19. 19. Matching Networks ¤ Matching network ¤ a ¤ nearest-neighbor ¤ neural machine translation alignment model ¤ [Bahdanau+ 2016] ¤ a y memories bound new support set of examples S0 from which to one-shot learn, we simply use the parametric neural network defined by P to make predictions about the appropriate label ˆy for each test example ˆx: P(ˆy|ˆx, S0 ). In general, our predicted output class for a given input unseen example ˆx and a support set S becomes arg maxy P(y|ˆx, S). Our model in its simplest form computes ˆy as follows: ˆy = kX i=1 a(ˆx, xi)yi (1) where xi, yi are the samples and labels from the support set S = {(xi, yi)}k i=1, and a is an attention mechanism which we discuss below. Note that eq. 1 essentially describes the output for a new class as a linear combination of the labels in the support set. Where the attention mechanism a is a kernel on X ⇥ X, then (1) is akin to a kernel density estimator. Where the attention mechanism is zero for the b furthest xi from ˆx according to some distance metric and an appropriate constant otherwise, then 1) is equivalent to ‘k b’-nearest neighbours (although this requires an extension to the attention mechanism that we describe in Section 2.1.2). Thus (1) subsumes both KDE and kNN methods. Another view of (1) is where a acts as an attention mechanism and the yi act as memories bound to he corresponding xi. In this case we can understand this as a particular kind of associative memory where, given an input, we “point” to the corresponding example in the support set, retrieving its label. However, unlike other attentional memory mechanisms [2], (1) is non-parametric in nature: as the support set size grows, so does the memory used. Hence the functional form defined by the classifier cS(ˆx) is very flexible and can adapt easily to any new support set.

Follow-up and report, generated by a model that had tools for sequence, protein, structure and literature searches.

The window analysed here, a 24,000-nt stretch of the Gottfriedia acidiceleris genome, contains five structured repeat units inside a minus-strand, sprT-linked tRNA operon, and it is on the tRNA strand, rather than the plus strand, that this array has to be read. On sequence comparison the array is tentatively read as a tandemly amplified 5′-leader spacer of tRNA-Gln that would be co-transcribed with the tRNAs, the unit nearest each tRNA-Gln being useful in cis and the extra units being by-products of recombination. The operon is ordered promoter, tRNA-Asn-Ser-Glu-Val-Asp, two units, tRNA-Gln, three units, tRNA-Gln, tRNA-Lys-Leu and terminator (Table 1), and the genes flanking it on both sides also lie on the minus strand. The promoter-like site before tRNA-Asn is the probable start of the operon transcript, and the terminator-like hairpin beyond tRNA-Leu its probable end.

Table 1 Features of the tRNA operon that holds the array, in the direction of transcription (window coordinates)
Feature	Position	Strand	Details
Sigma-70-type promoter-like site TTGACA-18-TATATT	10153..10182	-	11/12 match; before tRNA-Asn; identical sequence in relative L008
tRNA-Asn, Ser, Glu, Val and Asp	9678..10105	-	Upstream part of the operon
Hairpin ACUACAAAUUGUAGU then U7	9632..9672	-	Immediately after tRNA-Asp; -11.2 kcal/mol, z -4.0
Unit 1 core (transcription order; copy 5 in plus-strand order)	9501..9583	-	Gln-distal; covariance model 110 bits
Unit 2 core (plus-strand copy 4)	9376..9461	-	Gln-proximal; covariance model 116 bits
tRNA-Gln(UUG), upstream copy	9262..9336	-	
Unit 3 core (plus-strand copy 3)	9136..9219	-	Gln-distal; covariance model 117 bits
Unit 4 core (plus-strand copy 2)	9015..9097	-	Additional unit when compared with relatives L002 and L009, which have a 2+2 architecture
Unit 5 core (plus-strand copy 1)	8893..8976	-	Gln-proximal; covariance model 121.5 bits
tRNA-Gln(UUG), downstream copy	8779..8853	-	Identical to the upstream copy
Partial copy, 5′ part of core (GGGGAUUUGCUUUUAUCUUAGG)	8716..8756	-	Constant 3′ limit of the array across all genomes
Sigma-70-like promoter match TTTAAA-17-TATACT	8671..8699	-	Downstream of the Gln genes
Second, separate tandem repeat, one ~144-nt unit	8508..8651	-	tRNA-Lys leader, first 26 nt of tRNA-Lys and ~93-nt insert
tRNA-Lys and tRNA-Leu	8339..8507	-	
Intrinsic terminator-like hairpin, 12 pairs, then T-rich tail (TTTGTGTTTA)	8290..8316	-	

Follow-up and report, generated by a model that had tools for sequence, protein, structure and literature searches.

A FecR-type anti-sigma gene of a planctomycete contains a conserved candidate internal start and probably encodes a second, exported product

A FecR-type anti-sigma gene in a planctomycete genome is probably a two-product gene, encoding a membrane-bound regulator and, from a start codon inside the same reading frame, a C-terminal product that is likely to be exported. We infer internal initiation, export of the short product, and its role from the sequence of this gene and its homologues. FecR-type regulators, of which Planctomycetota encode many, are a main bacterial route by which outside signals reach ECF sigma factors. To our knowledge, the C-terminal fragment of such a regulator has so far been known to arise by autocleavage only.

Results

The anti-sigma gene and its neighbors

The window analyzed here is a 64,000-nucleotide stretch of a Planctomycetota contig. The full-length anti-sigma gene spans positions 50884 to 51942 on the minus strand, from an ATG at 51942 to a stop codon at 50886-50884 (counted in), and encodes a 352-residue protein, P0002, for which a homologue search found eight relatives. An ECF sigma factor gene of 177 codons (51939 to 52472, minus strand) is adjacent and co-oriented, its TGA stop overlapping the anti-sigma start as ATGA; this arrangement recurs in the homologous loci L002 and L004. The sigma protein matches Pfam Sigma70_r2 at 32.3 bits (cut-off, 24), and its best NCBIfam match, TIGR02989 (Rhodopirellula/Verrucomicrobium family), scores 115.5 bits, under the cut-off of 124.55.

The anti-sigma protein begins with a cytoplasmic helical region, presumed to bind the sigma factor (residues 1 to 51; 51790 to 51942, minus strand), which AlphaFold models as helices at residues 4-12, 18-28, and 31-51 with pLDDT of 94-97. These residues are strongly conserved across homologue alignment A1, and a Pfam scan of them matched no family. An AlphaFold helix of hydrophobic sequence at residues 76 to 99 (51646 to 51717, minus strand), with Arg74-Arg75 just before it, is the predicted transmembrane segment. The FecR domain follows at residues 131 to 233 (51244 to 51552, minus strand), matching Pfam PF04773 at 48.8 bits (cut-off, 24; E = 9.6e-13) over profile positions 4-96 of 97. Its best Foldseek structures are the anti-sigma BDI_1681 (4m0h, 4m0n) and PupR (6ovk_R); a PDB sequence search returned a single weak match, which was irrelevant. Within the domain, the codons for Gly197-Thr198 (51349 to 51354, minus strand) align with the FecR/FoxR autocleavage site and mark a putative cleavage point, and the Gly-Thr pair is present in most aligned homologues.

20. 20. ¤ a c softmax ¤ g bidirectional RNN ¤ f LSTM ¤ VGG Inception Figure 1: Matching Networks architecture train it by showing only a few examples per class, switching the task from minibatch to minibatch, much like how it will be tested when presented with a few examples of a new task. Besides our contributions in defining a model and training criterion amenable for one-shot learning, we contribute by the definition of tasks that can be used to benchmark other approaches on both ImageNet and small scale language modeling. We hope that our results will encourage others to work on this challenging problem. We organized the paper by first defining and explaining our model whilst linking its several compo- nents to related work. Then in the following section we briefly elaborate on some of the related work to the task and our model. In Section 4 we describe both our general setup and the experiments we performed, demonstrating strong results on one-shot learning on a variety of tasks and setups. 2 Model Our non-parametric approach to solving one-shot learning is based on two components which we describe in the following subsections. First, our model architecture follows recent advances in neural networks augmented with memory (as discussed in Section 3). Given a (small) support set S, our model defines a function cS (or classifier) for each S, i.e. a mapping S ! cS(.). Second, we employ a training strategy which is tailored for one-shot learning from the support set S. 2.1 Model Architecture In recent years, many groups have investigated ways to augment neural network architectures with external memories and other components that make them more “computer-like”. We draw inspiration from models such as sequence to sequence (seq2seq) with attention [2], memory networks [29] and pointer networks [27]. In all these models, a neural attention mechanism, often fully differentiable, is defined to access (or read) a memory matrix which stores useful information to solve the task at hand. Typical uses of this include machine translation, speech recognition, or question answering. More generally, these architectures model P(B|A) where A and/or B can be a sequence (like in seq2seq models), or, more interestingly for us, a set [26]. Our contribution is to cast the problem of one-shot learning within the set-to-set framework [26]. Appendix A Model Description In this section we fully specify the models which condition the embedding functions f and g on the whole support set S. Much previous work has fully described similar mechanisms, which is why we left the precise details for this appendix. A.1 The Fully Conditional Embedding f As described in section 2.1.2, the embedding function for an example ˆx in the batch B is as follows: f(ˆx, S) = attLSTM(f0 (ˆx), g(S), K) where f0 is a neural network (e.g., VGG or Inception, as described in the main text). We define K to be the number of “processing” steps following work from [26] from their “Process” block. g(S) represents the embedding function g applied to each element xi from the set S. Thus, the state after k processing steps is as follows: Appendix A Model Description In this section we fully specify the models which condition the embedding function whole support set S. Much previous work has fully described similar mechanisms, left the precise details for this appendix. A.1 The Fully Conditional Embedding f As described in section 2.1.2, the embedding function for an example ˆx in the batch f(ˆx, S) = attLSTM(f0 (ˆx), g(S), K) where f0 is a neural network (e.g., VGG or Inception, as described in the main tex to be the number of “processing” steps following work from [26] from their “Proc represents the embedding function g applied to each element xi from the set S. where, given an input, we “point” to the corresponding example in the support set, retrievin However, unlike other attentional memory mechanisms [2], (1) is non-parametric in natu support set size grows, so does the memory used. Hence the functional form defined by th cS(ˆx) is very flexible and can adapt easily to any new support set. 2.1.1 The Attention Kernel Equation 1 relies on choosing a(., .), the attention mechanism, which fully specifies fier. The simplest form that this takes (and which has very tight relationships with attention models and kernel functions) is to use the softmax over the cosine distan a(ˆx, xi) = ec(f(ˆx),g(xi)) / Pk j=1 ec(f(ˆx),g(xj )) with embedding functions f and g being ate neural networks (potentially with f = g) to embed ˆx and xi. In our experiments we examples where f and g are parameterised variously as deep convolutional networks tasks (as in VGG[22] or Inception[24]) or a simple form word embedding for language Section 4). We note that, though related to metric learning, the classifier defined by Equation 1 is disc For a given support set S and sample to classify ˆx, it is enough for ˆx to be sufficiently ali pairs (x0 , y0 ) 2 S such that y0 = y and misaligned with the rest. This kind of loss is also methods such as Neighborhood Component Analysis (NCA) [18], triplet loss [9] or lar nearest neighbor [28]. However, the objective that we are trying to optimize is precisely aligned with multi-way classification, and thus we expect it to perform better than its counterparts. Additionally, simple and differentiable so that one can find the optimal parameters in an “end-to-end” f 2.1.2 Full Context Embeddings The main novelty of our model lies in reinterpreting a well studied framework (neural netw external memories) to do one-shot learning. Closely related to metric learning, the embed tions f and g act as a lift to feature space X to achieve maximum accuracy through the cla noting that LSTM(x, h, c) follows the same LSTM implementation defined in [23] with x the input, h the output (i.e., cell after the output gate), and c the cell. a is commonly referred to as “content” based attention, and the softmax in eq. 6 normalizes w.r.t. g(xi). The read-out rk 1 from g(S) is concatenated to hk 1. Since we do K steps of “reads”, attLSTM(f0 (ˆx), g(S), K) = hK where hk is as described in eq. 3. A.2 The Fully Conditional Embedding g In section 2.1.2 we described the encoding function for the elements in the support set S, g(xi, S), as a bidirectional LSTM. More precisely, let g0 (xi) be a neural network (similar to f0 above, e.g. a VGG or Inception model). Then we define g(xi, S) = ~hi + ~hi + g0 (xi) with: ~hi,~ci = LSTM(g0 (xi),~hi 1,~ci 1) ~hi, ~ci = LSTM(g0 (xi), ~hi+1, ~ci+1) where, as in above, LSTM(x, h, c) follows the same LSTM implementation defined in [23] with x the input, h the output (i.e., cell after the output gate), and c the cell. Note that the recursion for ~h starts from i = |S|. As in eq. 3, we add a skip connection between input and outputs. B ImageNet Class Splits Here we define the two class splits used in our full ImageNet experiments – these classes were excluded for training during our one-shot experiments described in section 4.1.2.